Tasty Mind Morsels

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How The Flu Can Help You January 23, 2013

Filed under: Health,Observations — Kristin Eline @ 4:17 pm
Tags: ,

Signing on to Facebook today, I saw yet another slew of friends and acquaintances update, “Ugh! Flu!” or something of the ilk. I of course feel great sympathy for all of them as, in the past three months, I have had TWO flu’s (one of which sent me to the emergency room…twice!)

I am a philosophical caretaker by nature, and upon learning that anyone I know/love is ill, I immediately start suggesting remedies – usually homeopathic, sometimes completely outside of the realm of actual medical advice (e.g. laughing/smiling often).

A friend of mine, Brian, recently sent me this link and I have since been forwarding it out to everyone I know. Remedies for colds and flu’s that are flying around the internet right now range from Theraflu to hydrogen peroxide in the ears to putting onions in your socks (?!)

But let us forget remedies for a minute…as I assume you may already have your own, or at least have access to find what may work best for you through the internet and/or your physician.

I’d like to have you take a step back and look at temporary illness (like a cold or the flu) in a different way. Let us think about the question:

“What should I do with all of this glorious down time?”

Of COURSE you should sleep as much as possible. Confession: I’m a napping champ. I can take a nap anywhere at any time. (I recall falling asleep on the sidewalk in the middle of Walt Disney World once when I was in high school.) But I can only sleep so much. One can only sleep so long before they are wide awake in bed, staring at the ceiling, not knowing what to do.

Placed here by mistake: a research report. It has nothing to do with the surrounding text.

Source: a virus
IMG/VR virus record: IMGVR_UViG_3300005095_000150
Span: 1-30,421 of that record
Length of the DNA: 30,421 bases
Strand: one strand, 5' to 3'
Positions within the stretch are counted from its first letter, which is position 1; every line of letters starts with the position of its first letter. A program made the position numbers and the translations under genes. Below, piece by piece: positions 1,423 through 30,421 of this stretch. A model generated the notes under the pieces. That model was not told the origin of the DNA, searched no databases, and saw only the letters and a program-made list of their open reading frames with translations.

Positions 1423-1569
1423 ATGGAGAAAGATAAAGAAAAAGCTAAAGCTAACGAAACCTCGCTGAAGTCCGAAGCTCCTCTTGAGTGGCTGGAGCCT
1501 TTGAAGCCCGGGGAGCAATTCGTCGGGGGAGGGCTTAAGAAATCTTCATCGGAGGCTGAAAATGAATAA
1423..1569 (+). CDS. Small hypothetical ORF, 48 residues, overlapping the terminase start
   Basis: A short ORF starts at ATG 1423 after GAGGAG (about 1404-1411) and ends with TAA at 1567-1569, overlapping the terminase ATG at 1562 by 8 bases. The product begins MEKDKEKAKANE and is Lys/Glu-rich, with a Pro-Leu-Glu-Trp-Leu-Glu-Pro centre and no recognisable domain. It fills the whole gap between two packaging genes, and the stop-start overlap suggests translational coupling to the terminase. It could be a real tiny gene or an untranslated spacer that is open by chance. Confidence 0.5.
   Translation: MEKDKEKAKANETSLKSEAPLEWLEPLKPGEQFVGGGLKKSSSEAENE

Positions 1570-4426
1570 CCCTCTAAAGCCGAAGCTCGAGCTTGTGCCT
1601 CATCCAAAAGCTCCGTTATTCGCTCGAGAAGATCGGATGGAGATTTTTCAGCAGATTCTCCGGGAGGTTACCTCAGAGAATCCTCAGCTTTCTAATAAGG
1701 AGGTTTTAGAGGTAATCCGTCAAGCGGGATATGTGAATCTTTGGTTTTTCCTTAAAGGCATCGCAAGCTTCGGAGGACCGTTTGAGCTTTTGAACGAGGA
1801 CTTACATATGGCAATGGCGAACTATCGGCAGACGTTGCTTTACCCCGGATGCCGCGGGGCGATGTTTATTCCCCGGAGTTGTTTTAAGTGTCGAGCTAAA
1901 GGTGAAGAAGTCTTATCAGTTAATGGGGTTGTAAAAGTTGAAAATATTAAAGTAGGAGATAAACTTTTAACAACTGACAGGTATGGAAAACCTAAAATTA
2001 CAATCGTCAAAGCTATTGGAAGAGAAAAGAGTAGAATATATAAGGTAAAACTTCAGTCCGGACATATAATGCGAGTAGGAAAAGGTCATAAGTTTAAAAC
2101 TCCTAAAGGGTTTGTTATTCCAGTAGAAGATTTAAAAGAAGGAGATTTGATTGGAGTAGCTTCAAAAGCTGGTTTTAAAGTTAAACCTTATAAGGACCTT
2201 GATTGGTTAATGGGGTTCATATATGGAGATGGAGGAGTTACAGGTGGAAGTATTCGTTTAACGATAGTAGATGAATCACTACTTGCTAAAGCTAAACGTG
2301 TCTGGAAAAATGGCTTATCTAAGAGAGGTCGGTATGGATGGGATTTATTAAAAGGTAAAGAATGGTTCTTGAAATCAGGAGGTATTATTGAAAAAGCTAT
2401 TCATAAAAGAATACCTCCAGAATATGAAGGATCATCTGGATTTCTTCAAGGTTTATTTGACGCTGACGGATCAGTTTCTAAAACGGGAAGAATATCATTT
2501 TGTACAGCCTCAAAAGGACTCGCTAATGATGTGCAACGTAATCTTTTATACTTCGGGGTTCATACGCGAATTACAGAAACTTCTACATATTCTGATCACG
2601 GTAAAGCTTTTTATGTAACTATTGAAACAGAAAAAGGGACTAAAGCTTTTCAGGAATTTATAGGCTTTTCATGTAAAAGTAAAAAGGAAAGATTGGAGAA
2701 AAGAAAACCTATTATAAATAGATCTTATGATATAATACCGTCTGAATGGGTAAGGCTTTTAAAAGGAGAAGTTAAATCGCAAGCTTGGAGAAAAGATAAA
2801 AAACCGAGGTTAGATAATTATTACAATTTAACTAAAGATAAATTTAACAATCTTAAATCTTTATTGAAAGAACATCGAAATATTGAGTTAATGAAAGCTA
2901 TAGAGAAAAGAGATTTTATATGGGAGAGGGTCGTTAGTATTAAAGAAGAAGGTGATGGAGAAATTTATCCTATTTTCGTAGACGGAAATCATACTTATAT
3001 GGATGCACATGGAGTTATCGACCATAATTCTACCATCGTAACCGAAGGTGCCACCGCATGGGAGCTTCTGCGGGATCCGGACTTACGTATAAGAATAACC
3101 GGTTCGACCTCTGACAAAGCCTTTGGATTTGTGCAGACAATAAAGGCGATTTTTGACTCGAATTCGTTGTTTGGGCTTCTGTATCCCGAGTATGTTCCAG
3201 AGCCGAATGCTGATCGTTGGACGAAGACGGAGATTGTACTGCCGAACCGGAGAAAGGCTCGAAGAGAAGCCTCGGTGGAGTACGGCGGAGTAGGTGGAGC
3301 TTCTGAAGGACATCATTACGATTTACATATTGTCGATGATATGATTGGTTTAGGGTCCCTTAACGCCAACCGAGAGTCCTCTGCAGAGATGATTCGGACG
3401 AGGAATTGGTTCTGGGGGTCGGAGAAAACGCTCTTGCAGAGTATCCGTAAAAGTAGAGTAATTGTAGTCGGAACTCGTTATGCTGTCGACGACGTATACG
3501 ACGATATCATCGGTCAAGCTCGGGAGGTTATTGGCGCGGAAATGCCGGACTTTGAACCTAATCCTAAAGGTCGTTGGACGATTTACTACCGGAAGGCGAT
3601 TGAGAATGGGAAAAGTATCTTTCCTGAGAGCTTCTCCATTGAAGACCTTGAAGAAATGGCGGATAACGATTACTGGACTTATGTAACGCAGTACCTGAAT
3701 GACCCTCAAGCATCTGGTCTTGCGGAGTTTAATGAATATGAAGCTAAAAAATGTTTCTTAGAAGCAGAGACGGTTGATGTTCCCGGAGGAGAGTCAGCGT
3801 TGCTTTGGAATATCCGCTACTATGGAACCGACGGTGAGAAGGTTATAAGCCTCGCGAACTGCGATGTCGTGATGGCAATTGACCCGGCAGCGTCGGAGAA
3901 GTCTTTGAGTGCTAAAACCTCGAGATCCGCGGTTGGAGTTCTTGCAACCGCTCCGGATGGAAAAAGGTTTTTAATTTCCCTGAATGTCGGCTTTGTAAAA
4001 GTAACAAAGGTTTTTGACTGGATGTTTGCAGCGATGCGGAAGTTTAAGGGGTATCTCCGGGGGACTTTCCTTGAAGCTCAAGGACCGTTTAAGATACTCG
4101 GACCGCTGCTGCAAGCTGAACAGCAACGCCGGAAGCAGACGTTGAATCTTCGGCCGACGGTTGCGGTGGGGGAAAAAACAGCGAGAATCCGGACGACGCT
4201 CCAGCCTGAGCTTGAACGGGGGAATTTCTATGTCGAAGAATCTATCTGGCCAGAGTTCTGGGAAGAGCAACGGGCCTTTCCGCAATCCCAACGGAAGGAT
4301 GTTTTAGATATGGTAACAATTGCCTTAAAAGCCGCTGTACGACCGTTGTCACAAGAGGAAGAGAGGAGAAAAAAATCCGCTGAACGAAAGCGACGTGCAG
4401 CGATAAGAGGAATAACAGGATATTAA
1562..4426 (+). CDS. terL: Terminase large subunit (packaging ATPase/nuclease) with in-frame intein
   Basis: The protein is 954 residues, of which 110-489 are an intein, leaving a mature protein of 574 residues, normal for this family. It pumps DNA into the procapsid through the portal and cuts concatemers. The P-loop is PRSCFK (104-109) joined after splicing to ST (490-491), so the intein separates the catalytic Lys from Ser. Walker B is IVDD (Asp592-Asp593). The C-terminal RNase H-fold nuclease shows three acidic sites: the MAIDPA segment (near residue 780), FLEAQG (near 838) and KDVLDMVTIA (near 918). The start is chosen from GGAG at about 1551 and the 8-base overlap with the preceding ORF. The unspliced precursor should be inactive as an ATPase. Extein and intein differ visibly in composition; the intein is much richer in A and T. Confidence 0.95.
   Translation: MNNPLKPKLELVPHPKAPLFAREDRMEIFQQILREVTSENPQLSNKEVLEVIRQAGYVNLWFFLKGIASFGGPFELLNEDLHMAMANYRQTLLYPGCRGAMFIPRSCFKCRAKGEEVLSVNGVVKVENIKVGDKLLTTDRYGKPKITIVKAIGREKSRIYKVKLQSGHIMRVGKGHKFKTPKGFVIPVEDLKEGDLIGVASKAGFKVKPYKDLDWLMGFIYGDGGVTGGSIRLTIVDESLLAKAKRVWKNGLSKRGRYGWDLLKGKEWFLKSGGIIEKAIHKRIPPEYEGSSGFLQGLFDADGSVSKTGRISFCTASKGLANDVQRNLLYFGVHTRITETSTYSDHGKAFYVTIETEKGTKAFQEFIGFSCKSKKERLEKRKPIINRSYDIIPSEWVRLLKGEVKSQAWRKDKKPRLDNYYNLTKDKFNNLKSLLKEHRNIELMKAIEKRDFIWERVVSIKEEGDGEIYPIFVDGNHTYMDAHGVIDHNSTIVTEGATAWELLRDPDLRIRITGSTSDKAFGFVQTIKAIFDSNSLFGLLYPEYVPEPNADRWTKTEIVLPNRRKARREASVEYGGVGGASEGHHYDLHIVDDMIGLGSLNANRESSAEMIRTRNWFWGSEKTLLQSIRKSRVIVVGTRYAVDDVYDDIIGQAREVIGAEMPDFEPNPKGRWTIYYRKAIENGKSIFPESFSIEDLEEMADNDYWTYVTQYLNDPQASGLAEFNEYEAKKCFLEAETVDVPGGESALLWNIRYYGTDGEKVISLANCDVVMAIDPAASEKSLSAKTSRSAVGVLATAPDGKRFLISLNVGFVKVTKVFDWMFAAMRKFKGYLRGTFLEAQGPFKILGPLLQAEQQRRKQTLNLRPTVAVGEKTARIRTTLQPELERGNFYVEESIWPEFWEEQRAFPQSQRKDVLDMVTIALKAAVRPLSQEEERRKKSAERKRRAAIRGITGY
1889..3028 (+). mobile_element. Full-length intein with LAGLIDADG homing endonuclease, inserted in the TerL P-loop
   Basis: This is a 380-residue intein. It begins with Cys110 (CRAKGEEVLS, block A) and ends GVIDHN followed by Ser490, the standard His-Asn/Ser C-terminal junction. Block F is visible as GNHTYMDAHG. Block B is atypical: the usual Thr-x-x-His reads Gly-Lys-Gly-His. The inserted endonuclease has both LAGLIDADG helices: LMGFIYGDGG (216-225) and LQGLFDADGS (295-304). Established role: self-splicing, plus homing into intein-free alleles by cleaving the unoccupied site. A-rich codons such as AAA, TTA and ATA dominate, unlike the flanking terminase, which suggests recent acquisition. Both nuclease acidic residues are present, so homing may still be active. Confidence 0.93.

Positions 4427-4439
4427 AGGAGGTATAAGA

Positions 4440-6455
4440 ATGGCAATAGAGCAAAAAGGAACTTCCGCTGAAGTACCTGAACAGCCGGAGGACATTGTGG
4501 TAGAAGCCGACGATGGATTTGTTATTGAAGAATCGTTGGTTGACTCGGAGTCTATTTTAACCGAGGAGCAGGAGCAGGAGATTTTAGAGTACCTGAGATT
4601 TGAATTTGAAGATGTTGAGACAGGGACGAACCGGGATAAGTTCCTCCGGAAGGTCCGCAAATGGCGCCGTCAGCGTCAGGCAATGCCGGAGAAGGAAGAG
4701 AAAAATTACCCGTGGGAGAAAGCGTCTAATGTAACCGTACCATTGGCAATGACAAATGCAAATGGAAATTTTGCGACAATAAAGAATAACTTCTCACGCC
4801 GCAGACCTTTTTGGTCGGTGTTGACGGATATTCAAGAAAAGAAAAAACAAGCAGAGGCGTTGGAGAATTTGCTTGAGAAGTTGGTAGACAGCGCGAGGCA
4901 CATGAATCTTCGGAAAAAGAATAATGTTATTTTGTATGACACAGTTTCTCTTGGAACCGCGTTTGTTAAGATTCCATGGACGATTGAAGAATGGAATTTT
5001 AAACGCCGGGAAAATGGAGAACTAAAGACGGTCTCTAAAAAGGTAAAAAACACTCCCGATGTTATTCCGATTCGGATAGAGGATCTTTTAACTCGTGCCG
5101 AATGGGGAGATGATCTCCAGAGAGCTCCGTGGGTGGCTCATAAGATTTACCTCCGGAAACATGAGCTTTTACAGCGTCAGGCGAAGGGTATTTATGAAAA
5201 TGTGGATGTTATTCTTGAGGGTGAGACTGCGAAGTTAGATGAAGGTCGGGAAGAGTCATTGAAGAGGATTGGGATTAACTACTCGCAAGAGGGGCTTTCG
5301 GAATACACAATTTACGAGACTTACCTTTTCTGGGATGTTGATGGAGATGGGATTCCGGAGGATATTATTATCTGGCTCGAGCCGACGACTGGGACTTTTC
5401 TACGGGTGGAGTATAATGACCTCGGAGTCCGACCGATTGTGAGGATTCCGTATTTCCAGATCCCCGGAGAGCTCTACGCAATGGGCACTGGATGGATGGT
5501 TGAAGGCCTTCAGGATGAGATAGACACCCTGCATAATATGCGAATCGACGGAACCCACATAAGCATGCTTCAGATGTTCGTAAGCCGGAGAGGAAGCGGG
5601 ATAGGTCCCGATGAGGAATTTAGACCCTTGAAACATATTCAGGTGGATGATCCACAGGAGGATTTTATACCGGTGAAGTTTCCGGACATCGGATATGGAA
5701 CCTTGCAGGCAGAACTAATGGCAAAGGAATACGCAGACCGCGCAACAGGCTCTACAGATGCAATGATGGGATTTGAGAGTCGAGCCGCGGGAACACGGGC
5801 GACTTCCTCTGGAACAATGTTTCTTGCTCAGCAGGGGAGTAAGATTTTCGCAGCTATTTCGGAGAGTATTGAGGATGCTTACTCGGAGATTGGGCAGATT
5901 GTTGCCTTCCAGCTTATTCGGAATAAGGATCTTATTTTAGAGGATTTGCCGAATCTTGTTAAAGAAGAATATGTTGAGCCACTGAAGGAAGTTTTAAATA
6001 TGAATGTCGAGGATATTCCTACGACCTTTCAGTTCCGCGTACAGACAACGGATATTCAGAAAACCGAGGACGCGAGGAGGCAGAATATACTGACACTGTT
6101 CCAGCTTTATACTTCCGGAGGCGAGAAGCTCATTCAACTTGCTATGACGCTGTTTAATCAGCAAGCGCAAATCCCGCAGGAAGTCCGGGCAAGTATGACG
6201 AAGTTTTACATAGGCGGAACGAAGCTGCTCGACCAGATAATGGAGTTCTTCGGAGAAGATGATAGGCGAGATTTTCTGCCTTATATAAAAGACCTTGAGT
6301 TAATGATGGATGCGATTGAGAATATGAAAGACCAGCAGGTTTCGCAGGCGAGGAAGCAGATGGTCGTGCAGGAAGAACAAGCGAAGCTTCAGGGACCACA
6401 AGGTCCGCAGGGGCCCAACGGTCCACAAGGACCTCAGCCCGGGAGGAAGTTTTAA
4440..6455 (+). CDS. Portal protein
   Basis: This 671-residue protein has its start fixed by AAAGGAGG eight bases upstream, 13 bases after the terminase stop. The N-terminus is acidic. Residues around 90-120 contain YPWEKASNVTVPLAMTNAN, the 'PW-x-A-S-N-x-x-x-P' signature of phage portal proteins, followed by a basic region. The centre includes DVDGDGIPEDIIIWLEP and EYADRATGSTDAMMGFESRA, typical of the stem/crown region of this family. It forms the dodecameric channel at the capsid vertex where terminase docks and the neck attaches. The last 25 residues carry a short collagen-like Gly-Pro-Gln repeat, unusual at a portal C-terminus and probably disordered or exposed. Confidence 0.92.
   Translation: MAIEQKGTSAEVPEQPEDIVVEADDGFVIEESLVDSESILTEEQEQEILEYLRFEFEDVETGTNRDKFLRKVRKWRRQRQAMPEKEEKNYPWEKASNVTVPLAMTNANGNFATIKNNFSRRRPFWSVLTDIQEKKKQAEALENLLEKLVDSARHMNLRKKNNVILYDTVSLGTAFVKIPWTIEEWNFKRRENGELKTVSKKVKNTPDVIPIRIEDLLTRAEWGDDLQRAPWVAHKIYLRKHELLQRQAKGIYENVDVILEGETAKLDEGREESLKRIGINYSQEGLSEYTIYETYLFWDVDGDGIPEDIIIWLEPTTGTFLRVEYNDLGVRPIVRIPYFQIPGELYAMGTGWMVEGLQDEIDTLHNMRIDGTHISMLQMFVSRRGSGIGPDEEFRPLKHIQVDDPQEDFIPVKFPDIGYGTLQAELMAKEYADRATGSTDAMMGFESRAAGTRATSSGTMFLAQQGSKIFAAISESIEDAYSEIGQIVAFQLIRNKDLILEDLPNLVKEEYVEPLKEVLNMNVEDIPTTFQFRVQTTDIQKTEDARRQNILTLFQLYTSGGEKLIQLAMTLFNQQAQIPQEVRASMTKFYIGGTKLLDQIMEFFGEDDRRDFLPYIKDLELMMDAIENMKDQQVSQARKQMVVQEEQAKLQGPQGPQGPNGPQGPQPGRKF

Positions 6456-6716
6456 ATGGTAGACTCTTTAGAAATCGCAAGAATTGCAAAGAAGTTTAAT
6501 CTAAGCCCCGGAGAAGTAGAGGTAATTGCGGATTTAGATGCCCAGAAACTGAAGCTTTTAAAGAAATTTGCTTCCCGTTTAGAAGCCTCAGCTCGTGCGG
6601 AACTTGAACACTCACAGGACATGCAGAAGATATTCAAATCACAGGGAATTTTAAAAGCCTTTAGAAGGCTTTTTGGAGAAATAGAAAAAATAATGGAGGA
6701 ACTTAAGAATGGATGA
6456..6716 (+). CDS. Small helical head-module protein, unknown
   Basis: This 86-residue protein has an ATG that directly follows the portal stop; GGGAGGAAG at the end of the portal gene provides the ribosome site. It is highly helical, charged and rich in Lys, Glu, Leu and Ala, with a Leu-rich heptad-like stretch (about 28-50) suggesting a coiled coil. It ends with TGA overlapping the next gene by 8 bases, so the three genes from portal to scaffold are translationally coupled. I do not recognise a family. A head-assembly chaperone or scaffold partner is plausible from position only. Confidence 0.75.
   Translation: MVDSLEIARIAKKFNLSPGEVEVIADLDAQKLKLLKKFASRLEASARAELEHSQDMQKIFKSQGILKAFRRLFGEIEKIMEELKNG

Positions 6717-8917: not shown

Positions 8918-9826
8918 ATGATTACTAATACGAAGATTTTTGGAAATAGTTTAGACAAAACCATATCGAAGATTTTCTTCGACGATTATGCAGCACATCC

Normally, people suggest you curl up in front of the t.v., or cozy up and read a good book until you fall asleep again. These are legitimate suggestions, but what if you could actually do something impactful with all of this spare time?

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Over Thanksgiving last year, I contracted a very nasty stomach virus with symptoms similar to toxic shock. This virus left me relatively nonfunctional for about three days. As soon as I started to feel a little better – in that place between sick and well – I found myself with some spare time with which I could do a number of things. For whatever reason, my mind thought it to be a great idea to use this time to meditate. I’m not a very experienced (or serious) meditation student, but have taken a few classes for purposes of stress relief. Often, I find it difficult not to follow my mind’s wanderings. Maintaining a completely “void” mind is beyond my expertise. As a suggestion, my meditation instructor once offered up a simple meditation: focus on one thing at a time and explore that thing. For example, I can focus on my knee.

  • My knee is sturdy. 
  • My knee has a bones in it.
  • My knee is covered in skin.
  • That skin is smooth.
  • My knee helps me walk from place to place.
  • My knee hurts in one spot.
  • If my knee could talk it would tell me it wants to be loved more.